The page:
Predictors of Antipsychotic-Induced Weight Gain in First-Episode Psychosis: Conclusions From a Randomized, Double-Blind, Controlled Prospective Study of Olanzapine, Risperidone, and Haloperidol


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Abstract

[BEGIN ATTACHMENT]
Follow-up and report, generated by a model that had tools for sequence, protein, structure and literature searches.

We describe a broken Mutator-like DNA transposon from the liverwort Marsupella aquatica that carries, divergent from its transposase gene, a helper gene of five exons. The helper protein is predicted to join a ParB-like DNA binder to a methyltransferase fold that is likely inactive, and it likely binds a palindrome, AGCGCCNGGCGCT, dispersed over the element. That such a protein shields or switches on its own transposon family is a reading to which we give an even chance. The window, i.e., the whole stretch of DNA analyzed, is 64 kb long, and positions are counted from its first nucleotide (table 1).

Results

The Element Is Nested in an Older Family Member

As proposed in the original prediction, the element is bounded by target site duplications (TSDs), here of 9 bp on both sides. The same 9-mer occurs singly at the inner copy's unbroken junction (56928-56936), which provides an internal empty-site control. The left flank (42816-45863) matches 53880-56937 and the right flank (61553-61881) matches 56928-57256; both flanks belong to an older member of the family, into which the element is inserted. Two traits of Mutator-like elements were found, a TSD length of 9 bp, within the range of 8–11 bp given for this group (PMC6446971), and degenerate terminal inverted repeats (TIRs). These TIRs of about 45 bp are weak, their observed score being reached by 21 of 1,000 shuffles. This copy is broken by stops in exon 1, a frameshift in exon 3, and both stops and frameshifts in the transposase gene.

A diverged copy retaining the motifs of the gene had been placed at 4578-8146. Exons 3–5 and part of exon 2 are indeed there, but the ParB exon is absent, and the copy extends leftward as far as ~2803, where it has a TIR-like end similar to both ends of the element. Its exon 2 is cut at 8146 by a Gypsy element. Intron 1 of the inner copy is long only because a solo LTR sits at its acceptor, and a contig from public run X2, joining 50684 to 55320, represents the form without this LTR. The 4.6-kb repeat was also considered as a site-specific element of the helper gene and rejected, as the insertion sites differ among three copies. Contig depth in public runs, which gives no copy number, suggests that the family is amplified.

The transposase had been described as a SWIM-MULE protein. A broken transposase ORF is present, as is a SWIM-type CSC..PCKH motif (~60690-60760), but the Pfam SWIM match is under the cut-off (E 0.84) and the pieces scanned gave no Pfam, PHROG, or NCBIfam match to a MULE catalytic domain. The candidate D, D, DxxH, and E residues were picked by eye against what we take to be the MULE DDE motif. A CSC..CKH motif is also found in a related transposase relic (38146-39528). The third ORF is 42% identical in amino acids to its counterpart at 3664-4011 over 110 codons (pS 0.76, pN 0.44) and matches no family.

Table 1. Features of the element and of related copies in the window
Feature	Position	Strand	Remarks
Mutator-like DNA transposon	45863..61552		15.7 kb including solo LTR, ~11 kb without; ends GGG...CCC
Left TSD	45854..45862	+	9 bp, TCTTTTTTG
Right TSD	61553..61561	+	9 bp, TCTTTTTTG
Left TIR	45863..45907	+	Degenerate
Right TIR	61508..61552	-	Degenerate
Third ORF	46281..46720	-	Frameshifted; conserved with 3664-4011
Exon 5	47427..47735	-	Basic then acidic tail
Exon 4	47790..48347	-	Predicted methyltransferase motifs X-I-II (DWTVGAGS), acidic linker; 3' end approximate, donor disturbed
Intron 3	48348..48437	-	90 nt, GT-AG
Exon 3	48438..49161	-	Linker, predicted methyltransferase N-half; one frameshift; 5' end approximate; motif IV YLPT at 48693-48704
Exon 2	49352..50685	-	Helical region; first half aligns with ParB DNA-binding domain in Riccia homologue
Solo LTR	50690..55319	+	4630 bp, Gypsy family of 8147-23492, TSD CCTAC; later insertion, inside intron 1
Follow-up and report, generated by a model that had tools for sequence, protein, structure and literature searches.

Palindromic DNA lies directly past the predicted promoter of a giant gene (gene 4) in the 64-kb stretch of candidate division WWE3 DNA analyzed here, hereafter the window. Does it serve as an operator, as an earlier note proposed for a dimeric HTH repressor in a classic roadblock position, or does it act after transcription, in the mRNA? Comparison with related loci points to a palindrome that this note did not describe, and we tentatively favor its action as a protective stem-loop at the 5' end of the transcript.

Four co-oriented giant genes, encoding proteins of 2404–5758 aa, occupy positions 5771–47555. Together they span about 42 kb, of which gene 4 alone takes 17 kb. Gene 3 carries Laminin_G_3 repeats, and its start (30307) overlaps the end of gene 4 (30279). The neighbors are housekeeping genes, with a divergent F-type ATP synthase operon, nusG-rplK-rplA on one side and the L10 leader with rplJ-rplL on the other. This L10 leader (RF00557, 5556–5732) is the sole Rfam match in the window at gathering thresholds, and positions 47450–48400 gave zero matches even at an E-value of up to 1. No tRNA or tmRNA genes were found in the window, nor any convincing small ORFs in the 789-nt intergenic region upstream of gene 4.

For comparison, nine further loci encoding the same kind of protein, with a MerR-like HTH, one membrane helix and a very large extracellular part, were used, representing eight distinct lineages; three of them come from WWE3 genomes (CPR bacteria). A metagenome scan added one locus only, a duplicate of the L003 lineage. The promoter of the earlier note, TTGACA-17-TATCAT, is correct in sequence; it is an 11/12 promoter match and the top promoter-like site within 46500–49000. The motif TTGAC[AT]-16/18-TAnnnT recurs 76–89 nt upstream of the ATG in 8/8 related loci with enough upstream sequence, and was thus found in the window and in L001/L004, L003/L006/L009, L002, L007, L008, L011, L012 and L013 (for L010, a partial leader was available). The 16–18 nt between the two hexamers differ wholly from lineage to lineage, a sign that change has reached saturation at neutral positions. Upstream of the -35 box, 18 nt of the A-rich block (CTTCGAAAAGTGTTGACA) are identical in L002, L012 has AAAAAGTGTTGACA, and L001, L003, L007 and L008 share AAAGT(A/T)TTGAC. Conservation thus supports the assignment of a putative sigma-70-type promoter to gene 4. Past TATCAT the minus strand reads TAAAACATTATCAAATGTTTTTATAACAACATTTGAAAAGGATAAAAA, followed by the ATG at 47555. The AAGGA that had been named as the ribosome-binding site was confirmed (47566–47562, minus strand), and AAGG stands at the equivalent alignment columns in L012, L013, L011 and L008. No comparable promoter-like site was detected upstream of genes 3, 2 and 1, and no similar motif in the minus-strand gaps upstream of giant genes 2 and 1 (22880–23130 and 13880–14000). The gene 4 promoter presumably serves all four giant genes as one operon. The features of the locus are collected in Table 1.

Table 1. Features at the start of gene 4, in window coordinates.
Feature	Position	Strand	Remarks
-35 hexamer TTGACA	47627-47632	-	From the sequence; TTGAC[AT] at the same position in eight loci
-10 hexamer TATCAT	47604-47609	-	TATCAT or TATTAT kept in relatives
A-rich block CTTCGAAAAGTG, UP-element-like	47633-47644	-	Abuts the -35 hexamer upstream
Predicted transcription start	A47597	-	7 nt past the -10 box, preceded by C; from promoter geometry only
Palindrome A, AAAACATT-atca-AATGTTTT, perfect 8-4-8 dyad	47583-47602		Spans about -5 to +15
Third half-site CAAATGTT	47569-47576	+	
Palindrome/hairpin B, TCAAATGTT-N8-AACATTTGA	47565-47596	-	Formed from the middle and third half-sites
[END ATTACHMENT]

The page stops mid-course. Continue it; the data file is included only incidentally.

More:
Background:Antipsychotic-induced weight gain is one of the most distressing adverse effects being observed in recent times. Most studies have been limited by several confounders.Aim:To evaluate the predictors of antipsychotic-induced weight gain in drug-naive patients with first-episode psychosis treated with olanzapine, risperidone, or haloperidol and compare them with a healthy matched control group.Methods:Newly diagnosed patients with first-episode schizophrenia treated with antipsychotic medication-olanzapine, risperidone, or haloperidol-and matched healthy controls were followed for 6 weeks. Body mass index (BMI), waist circumference, and weight changes and proportions of subjects with more than 7% weight gain were calculated. The predictors of weight gain were explored.Results:Ninety-nine patients with first-episode schizophrenia and 51 healthy controls were examined. Waist circumference (r = −0.25; P < 0.01) and weight (r = −0.24; P < 0.01) at baseline in addition to the disease process (P < 0.001) as well as antipsychotic use (P < 0.001) were associated with greater increases in weight and BMI. Olanzapine (77%) had greater clinically significant weight gain as compared with risperidone (63%) and haloperidol (22%). Lower BMI at baseline and a diagnosis of undifferentiated schizophrenia were associated with antipsychotic-induced weight gain.Conclusions:The results confirm clinically significant and substantial weight gain induced by antipsychotic treatment in drug-naive patients with first-episode schizophrenia and identify several risk factors for weight gain such as lower BMI scores, use of olanzapine, and a diagnosis of undifferentiated schizophrenia.

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